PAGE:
Is Graph Search a game changer?

18 02 2013

Niall Harbison, co-founder of Simply Zesty, will be a popular speaker, I suspect, at DMX Dublin 2013. The Simply Zesty story is fantastic and it’s great to see an Irish company doing so well. Niall recently spoke at a PM Forum event in the newly refurbished offices of Ernst & Young. He gave the following advice which I thought cut through the haze that often surrounds social media.

  1. Pick one channel and get it right
    The four dominant social media channels are Facebook, YouTube, Twitter and LinkedIn with Google+ coming in fifth. Niall’s advice was to ignore this months trend and get one of these channels right.
  2. Blog
    Simply Zesty owes its success to top quality blogging. If you blog then you own the content, it is always yours.
  3. Set goals
    It might be a bit of a cliché but how many so-called social media experts fail to set real, meaningful goals that make a difference to your business. Collecting ‘likes’ or followers is not a real goal.
  4. Avoid the “arms race” for Facebook likes
    The new Graph Search feature currently being rolled out by Facebook will make chasing vast numbers of ‘likes’ almost irrelevant. Facebook will allow users to search based on what their friends recommend rather than the quantity of likes.

I was very struck by how powerful Niall believes Facebook will become. He cited the example of Netflix using Facebook logins to illustrate how he believes that Facebook will soon be the real backbone of the Internet. Combined with the potential of Graph Search Niall sees a strong future for Facebook.

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Turning Leinster Rugby into an elite organisation

6 02 2013

Mick Dawson, CEO of Leinster Rugby, addressed the January 2013 Marketing Breakfast. Mick took the audience through the journey that Leinster Rugby has taken from the amateur to the professional to the elite era. To give some perspective, when rugby union turned professional Leinster Rugby had no structures, no fan base, played three matches a season and was seen as a stepping stone to the national side. Today it has:

  1. 145 employees
  2. A turnover of €17 million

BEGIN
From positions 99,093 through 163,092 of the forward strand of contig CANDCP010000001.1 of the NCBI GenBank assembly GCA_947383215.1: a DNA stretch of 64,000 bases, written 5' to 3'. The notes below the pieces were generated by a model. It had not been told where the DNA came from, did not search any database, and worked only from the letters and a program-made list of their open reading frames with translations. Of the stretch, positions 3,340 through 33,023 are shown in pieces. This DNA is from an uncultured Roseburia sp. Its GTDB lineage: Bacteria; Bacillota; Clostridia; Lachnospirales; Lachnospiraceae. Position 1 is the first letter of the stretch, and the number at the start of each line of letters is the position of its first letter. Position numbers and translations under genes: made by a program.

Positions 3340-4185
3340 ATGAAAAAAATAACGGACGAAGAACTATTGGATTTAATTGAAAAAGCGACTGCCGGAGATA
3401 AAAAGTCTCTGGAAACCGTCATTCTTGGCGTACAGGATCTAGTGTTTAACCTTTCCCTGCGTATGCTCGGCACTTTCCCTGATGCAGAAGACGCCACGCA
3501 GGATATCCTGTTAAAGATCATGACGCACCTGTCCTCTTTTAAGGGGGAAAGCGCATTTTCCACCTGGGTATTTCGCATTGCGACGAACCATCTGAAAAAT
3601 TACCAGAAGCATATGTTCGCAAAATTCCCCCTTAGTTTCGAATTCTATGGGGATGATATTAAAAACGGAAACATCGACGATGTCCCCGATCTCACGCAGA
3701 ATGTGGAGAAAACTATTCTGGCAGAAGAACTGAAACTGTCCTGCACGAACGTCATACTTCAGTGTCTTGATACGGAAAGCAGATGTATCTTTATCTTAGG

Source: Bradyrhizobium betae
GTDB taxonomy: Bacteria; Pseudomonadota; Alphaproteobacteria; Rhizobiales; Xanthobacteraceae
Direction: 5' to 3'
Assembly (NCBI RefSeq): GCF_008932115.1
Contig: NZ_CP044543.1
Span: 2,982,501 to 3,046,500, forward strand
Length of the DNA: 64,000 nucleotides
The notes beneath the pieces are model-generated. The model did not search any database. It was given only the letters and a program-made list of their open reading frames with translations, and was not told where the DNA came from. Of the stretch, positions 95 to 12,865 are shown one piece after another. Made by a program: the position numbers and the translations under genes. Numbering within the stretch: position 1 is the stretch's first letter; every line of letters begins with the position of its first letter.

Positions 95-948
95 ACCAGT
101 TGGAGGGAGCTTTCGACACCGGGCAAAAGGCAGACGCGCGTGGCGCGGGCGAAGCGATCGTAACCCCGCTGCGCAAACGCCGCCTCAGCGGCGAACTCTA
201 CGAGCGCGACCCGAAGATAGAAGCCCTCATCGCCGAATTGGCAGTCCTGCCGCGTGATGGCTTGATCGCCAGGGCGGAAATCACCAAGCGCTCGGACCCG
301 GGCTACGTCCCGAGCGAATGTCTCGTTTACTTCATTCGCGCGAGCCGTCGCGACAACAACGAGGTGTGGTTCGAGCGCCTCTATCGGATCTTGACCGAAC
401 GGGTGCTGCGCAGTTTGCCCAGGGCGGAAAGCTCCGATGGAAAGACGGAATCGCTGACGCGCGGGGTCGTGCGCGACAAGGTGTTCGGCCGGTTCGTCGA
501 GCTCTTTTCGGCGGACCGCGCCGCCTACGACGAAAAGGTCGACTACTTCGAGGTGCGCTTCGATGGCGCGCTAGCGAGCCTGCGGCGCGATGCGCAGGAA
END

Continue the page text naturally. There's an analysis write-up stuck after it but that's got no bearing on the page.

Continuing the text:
3. 13,000 season ticket holders
  4. State of the Art facilities in UCD
  5. Plays 28 – 33 matches a season

We live in a moment where change is so speeded up that we begin to see the present only when is it already disappearing” RD Laing

From a marketing perspective a key message that I picked up from Mick was the importance of managing people and relationships. Mick and his team have to manage relationships with professional sporting bodies, players, sponsors, supporters, volunteers and the amateur side of rugby in the province. I was very interested in the emphasis Mick put on this. For example, the supports club is a separate entity to Leinster Rugby but they meet regularly to keep in touch with what the supporters are saying.

Leinster Rugby has also invested in trying to understand their audience and their brand. They carried out a brand study to see how they were perceived by a cross-section of stakeholders including season ticket holders, clubs, schools, staff, players and sponsors. Based on the result of this study they made three key decisions:

  1. the brand was Leinster rather than Dublin and they need to expand outside the traditional south Dublin stronghold
  2. a new logo was need to drive the brand forward
  3. the profile of match attendees needed to change from men in their 50’s to families

This clear understanding of the brand has helped position Leinster Rugby as the “12 county army” and a remarkable sporting and commercial success story. Mick’s full talk is available on the Marketing Institute’s YouTube channel or you can view my interview with Mick below.